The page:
There are a lot of tools available to those working on digital humanities projects. However, before you start using tools, you should think about your specific project and what process you should take and what outcomes you would like to have. Because although there are many interesting tools, they may not all be relevant to your work.
That said, here are four popular tools in digital humanities:
Voyant is a website that allows you to analyze texts in various ways. It will show you word frequencies and relationships across various visualizations (word clouds, charts, graphs, spreadsheets). The site allows you to input text from any source (including website URLs, copying and pasting, or uploading a file), search through the data, and export your visualizations so others can see them.
Here is an ebook from our AUC Library that used Voyant to do some interesting analyses: Hermeneutica : Computer-Assisted Interpretation in the Humanities
The book’s companion site, Hermeneuti.ca, has several Voyant examples, with links to the authors’ data:
This is one such example: Now Analyze That! Comparing the Discourse on Race
And here is the missing analysis from that chapter, which I was able to put together since the authors included links to their original data sources (the two speeches they analyzed):
And, just for fun, here is the Shakespeare Corpus in Voyant, showing the most frequent words and contexts throughout all of Shakespeare’s works:
Datawrapper is a free tool to show data visualizations. You can create or upload your own datasets (usually via spreadsheets or CSV files) and edit the tables and graphs to your liking. Then the site will host your graph and you can embed it in other websites, including blog posts and social media. You can also create a free login to save, edit, and share your visualizations.
To try it out, find a dataset and upload it. (They have a few text datasets on their site; just click to start a new visualization and they will recommend something.) There are a lot of open datasets from government and other sources. CSV files tend to work best for uploading to Datawrapper. Check out:
To make a simple visualization, I took data from FRED and Yahoo! Finance to make a graph comparing median household income to the Dow Jones:
Here’s all of the data from the median household income compared to the Dow Jones:
Unfortunately, this graph doesn’t tell me much. All I see is a line representing Median Income, which is measured in USD, and a line representing the Dow Jones, which is represented in market “points.” So, comparing dollars to points doesn’t make sense. My Dow Jones dataset only has data from 1985 to the present, as well.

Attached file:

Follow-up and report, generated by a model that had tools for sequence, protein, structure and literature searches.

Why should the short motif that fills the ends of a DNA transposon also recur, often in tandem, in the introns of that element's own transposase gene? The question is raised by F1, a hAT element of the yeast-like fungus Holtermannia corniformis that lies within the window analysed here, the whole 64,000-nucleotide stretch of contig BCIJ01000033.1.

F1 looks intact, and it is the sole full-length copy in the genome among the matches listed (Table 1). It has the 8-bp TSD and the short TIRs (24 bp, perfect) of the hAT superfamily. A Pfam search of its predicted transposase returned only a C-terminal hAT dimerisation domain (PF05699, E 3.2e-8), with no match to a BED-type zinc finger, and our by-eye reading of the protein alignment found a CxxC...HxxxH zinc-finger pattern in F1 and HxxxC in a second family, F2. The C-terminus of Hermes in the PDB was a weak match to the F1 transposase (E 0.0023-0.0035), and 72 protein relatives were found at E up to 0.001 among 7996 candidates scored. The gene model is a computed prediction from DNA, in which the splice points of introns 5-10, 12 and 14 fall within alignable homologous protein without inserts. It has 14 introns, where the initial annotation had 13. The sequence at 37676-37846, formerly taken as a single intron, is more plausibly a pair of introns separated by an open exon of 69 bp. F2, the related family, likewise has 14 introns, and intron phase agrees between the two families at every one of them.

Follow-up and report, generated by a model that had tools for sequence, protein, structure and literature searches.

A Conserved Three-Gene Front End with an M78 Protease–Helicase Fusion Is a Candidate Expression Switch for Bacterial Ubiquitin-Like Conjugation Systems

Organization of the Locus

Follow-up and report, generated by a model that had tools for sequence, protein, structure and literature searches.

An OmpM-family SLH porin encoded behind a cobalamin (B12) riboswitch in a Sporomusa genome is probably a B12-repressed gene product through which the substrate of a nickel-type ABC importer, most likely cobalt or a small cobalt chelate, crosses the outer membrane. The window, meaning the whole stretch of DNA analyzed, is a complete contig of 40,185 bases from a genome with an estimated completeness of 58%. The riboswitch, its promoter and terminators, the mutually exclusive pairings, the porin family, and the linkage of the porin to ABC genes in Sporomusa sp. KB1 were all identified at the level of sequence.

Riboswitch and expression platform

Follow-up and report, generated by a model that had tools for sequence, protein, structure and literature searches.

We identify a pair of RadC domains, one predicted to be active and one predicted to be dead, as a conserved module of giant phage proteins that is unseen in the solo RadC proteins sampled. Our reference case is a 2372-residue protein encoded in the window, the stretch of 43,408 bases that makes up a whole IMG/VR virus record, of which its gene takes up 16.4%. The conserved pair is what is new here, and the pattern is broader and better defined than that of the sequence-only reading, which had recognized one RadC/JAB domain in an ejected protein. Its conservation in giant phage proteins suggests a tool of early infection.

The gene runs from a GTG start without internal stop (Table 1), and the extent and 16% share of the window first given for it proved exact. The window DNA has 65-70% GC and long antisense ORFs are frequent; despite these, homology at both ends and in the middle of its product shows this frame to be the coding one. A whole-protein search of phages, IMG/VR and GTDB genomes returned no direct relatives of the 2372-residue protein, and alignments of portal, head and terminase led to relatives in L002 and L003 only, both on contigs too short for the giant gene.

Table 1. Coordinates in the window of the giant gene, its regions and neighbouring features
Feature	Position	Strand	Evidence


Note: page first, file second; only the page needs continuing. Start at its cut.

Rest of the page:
So I decided to cut off the comparison to 1985 to the present by limiting my datasets to the measurements provided on January first of each year from 1985 to the present. I also wanted to change the values displayed, so instead of comparing dollars to points, I decided to compare rates of change. I did this by creating a spreadsheet that found the difference between a given year and the year previous (basically subtracting 1985’s value from 1986, then 1986’s value from 1987, and so on). This showed me how much each dataset had changed from year to year, so I could compare the rise and falls of median income to the rise and falls of the Dow Jones.
Here is what that looks like for those data:
Google Maps Custom
The same Google Maps that allows everyone to find driving routes and restaurants also allows everyone to create their own custom maps. This means adding any kind of data based on location to show what’s most important to your digital humanities research project. For example, maybe you’re looking at the availability of health clinics in Atlanta, and their locations versus the locations of certain neighborhoods or demographics. You can plot all of that on a custom Google Map!
Rather than invent the wheel, I will link you to an excellent step-by-step way to work with Google Maps. This guide will show you how to import and edit data on Google Maps to make your own custom map with your custom datasets:
Tour Builder (Google Earth Custom)
This is similar to Google Maps, but allows for a more grandiose presentation. Google Earth also allows users to create custom maps… on a 3D globe instead of a flat map.
This guide will show you how to make custom maps in Google Earth:
Here is an example of a great Google Earth Project that really captures the strengths of using Google Earth in digital humanities projects: “117 Days with JARE (Japanese Antarctic Research Expedition)”